Reproducible Research Course by Eric C. Anderson for (NOAA/SWFSC)

Course Introduction

Welcome and Introductions

Who is Eric and Why is he teaching this course?

  • Statistician that specializes in genetic data
  • Has used R (or S) since 1998, but didn’t really understand it until recently
    • Was more of a C programmer
  • Disliked R for most of the last 16 years
  • Taught an R course two years ago
    • When I finally learned R, I learned to love it
  • Seeing R incorporated into Reproducible Research excites me

What the heck is reproducible research?

  • In computational sciences and data analysis, let’s go with this definition:
    • the data and code used to make a finding are available and they are presented in such a way that it is (relatively) straightforward for an independent researcher to recreate the finding.
  • This actually seldom happens. Consider two interesting articles by Tim Vines:
  • Scientific articles have fairly detailed methods sections, but those are typically insufficient to actually reproduce an analysis.
  • Scientists owe it to themselves and their community to have an explicit record of all the steps in an analysis done at a computer.

How should we do reproducible research?

  • How do you efficiently record what it is you have done at your computer?
  • There would be lots of ways, but we will look at using 4 tools:
    1. R – open source, free, industry-standard analysis software
    2. RStudio – open source, free, environment for working with R
    3. git – open source, free version control software (because research is never really linear when it is happening)
    4. GitHub – website with tools making it very easy to collaborate with people using git.

Course Organization

  • Weekly format
    • Tuesdays: R and RStudio
    • Thursdays: How to write reports/articles using Rmarkdown. Using git and GitHub
  • However the course is integrated!
    • Would be hard to just do Tu or just Th.
    • We will use git to obtain and submit R homeworks, etc.
    • This is how it works in real life too…

Course Website

Note that you can see the raw rmarkdown source used to write each page.

Course Philosophy

Focus on the practical

  • Two years ago my course was focused on R as a programming language
  • Having satisfied my curiosity about that, this year I mostly want to teach people how to use R, practically, as a useful tool

We have a big group!

  • Quick show of hands for NMFS Fed, NMFS Contractor, grad student, PCS, MBARI, others?
  • How about the range of experience with R and git?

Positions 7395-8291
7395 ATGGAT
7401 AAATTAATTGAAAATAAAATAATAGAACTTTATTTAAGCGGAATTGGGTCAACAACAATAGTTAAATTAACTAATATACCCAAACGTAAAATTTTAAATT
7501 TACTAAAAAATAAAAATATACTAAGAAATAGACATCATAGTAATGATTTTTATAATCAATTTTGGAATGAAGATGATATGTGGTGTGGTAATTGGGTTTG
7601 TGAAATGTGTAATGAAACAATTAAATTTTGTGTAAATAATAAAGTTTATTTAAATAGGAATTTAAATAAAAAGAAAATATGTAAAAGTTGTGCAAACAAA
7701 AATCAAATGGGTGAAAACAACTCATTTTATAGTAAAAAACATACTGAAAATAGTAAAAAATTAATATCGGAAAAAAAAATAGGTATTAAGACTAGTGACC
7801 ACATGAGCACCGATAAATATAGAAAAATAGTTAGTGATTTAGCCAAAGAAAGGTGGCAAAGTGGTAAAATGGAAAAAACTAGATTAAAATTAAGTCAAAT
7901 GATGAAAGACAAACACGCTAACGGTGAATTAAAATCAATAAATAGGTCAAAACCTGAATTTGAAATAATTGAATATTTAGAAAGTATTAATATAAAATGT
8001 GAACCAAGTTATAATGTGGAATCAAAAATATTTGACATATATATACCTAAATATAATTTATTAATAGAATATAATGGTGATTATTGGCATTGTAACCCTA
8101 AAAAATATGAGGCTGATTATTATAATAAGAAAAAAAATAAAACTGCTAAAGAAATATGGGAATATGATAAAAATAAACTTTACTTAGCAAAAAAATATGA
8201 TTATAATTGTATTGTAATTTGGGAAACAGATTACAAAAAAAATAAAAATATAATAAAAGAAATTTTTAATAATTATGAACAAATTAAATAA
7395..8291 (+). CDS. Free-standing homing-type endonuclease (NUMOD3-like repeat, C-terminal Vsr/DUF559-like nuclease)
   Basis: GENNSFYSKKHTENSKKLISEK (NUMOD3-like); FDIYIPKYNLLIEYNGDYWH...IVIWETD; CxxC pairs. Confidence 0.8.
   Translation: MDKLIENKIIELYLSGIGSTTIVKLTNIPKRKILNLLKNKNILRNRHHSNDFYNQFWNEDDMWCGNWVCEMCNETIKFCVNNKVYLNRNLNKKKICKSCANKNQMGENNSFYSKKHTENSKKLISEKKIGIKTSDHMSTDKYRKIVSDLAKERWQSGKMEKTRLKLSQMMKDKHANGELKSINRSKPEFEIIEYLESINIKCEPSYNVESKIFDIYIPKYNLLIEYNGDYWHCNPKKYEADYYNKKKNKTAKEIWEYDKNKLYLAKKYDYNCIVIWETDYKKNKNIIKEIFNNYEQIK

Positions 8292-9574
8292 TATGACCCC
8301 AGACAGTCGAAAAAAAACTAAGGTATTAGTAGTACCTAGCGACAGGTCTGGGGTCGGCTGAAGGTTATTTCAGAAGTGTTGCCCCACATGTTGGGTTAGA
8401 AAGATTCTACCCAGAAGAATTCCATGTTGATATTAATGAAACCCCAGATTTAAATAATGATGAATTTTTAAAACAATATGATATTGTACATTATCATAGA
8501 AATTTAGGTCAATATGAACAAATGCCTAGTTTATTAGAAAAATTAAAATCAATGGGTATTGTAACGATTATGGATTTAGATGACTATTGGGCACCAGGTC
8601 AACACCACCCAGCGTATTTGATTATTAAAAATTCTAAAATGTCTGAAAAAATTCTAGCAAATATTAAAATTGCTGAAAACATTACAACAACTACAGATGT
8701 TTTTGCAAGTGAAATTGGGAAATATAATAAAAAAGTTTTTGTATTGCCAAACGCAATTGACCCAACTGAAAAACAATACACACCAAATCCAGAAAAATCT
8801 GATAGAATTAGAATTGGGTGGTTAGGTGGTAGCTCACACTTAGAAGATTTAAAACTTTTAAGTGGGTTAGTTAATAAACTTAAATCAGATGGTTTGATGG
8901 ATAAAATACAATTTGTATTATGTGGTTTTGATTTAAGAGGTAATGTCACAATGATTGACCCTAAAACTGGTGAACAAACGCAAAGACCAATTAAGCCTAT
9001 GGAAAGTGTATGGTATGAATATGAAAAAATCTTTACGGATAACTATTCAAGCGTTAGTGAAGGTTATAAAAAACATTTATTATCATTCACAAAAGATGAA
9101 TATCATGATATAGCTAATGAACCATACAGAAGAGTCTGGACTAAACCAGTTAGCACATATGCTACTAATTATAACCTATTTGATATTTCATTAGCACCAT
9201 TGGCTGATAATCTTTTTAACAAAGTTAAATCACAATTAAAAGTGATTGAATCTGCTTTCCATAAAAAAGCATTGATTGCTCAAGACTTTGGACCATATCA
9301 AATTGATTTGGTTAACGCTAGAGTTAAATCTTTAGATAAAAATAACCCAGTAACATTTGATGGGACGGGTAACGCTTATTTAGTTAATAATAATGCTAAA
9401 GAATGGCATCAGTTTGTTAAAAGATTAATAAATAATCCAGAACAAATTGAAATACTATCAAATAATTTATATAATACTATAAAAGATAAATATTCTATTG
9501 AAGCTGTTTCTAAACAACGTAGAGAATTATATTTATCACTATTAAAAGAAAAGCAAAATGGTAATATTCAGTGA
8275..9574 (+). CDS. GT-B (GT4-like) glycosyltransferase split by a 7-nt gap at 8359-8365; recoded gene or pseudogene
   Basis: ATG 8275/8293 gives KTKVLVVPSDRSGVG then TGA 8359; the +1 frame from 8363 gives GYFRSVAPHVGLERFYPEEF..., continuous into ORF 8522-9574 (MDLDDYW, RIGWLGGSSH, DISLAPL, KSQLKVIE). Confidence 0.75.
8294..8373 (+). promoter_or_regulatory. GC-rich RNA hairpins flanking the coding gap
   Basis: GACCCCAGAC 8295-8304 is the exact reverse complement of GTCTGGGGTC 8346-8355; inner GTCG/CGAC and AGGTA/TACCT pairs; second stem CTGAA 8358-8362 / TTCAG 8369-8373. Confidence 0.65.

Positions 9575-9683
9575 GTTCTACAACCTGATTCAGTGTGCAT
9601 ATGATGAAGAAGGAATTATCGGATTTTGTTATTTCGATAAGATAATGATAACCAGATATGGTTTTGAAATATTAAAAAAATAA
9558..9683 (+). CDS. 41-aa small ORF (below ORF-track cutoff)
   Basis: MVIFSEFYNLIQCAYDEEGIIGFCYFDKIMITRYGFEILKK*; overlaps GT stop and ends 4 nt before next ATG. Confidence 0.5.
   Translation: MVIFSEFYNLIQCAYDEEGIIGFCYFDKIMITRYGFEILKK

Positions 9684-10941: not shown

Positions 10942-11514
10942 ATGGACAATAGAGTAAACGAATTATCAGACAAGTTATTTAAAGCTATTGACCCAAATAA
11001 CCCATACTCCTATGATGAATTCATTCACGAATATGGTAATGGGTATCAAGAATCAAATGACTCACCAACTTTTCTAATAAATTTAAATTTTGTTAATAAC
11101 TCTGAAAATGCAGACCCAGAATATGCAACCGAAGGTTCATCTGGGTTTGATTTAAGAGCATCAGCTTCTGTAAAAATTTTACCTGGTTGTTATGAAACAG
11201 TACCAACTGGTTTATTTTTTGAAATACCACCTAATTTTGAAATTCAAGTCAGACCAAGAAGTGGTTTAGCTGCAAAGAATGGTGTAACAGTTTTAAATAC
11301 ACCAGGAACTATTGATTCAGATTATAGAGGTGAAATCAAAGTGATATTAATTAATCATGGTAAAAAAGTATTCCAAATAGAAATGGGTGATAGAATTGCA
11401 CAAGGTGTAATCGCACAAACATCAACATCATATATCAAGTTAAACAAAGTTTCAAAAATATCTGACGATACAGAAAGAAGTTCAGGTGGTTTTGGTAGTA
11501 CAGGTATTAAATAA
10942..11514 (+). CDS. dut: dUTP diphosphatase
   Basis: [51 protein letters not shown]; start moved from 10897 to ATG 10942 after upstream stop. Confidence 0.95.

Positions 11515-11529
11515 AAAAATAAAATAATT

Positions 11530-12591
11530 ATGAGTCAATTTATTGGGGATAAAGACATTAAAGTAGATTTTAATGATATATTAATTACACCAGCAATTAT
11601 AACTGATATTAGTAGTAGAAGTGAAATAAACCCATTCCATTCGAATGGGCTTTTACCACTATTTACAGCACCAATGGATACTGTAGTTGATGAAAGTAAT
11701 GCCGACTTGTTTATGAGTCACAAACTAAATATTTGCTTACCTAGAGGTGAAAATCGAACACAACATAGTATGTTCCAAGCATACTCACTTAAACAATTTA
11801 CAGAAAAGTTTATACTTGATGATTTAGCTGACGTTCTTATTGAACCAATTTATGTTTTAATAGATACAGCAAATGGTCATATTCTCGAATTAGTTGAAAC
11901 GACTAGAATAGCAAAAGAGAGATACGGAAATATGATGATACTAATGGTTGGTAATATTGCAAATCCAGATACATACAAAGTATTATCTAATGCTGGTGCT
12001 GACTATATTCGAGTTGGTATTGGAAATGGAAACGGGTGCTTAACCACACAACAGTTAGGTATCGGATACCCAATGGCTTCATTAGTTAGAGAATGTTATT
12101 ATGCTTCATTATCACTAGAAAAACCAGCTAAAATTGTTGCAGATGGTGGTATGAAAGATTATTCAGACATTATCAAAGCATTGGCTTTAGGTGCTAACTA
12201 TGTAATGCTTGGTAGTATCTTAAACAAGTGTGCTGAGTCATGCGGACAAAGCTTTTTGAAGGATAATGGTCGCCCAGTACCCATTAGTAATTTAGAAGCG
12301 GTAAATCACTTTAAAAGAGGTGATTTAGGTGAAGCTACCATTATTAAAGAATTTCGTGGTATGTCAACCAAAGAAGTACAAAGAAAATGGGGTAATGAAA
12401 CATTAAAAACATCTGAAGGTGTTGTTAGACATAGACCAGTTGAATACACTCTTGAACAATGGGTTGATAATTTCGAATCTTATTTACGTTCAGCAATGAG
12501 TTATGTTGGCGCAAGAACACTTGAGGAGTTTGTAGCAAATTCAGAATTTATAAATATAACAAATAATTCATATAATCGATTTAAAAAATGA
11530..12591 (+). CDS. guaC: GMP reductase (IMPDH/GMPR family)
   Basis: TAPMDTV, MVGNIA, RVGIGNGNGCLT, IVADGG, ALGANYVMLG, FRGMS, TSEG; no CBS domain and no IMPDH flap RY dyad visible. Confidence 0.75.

• Great that we have that much interest
  • But, it will dictate a few things about the course:
    1. I won’t be able to answer everyone’s every question
      • “It takes a village”
    2. My vision: we are a dedicated community of researchers that will work together, helping one another become fluent in these tools. So:
      • If a practical in-class exercise, or a homework assignment seems easy to you because you are already well-versed in R, then take a moment to help someone that is being challenged by it!
      • If you are new to all this, find someone in the class that can help you!
    3. Please add comments to the DISQUS comment boxes on each page
      • Sign up with a reasonable identifier
      • Let’s crowd source solutions to issues that come up for people in the course!
      • Particularly for PC users (which I am not…)

Your contributions are invited!

  • Every page of this course is editable
  • If you see something that needs changing, you can do it and send me a pull request
  • This will make much more sense after a few more weeks.


  • There will be homework! (As long as I have time to write more…)
  • You can’t learn these methods without doing and using them
  • Amounts of HW should not be overwhelming.
  • I won’t be grading everything, but:
    • I will establish “peer-review” system of homework
    • Everyone will do homework and “referee” homework
    • Doing this will let us get intimately familiar with how to use git and GitHub.
  • Familiar and advanced R users:
    • Please contribute assignments and homework problems
    • Once we have gotten the rudiments of GitHub down I will make a place for you to submit new homework problems

Any Questions?

comments powered by Disqus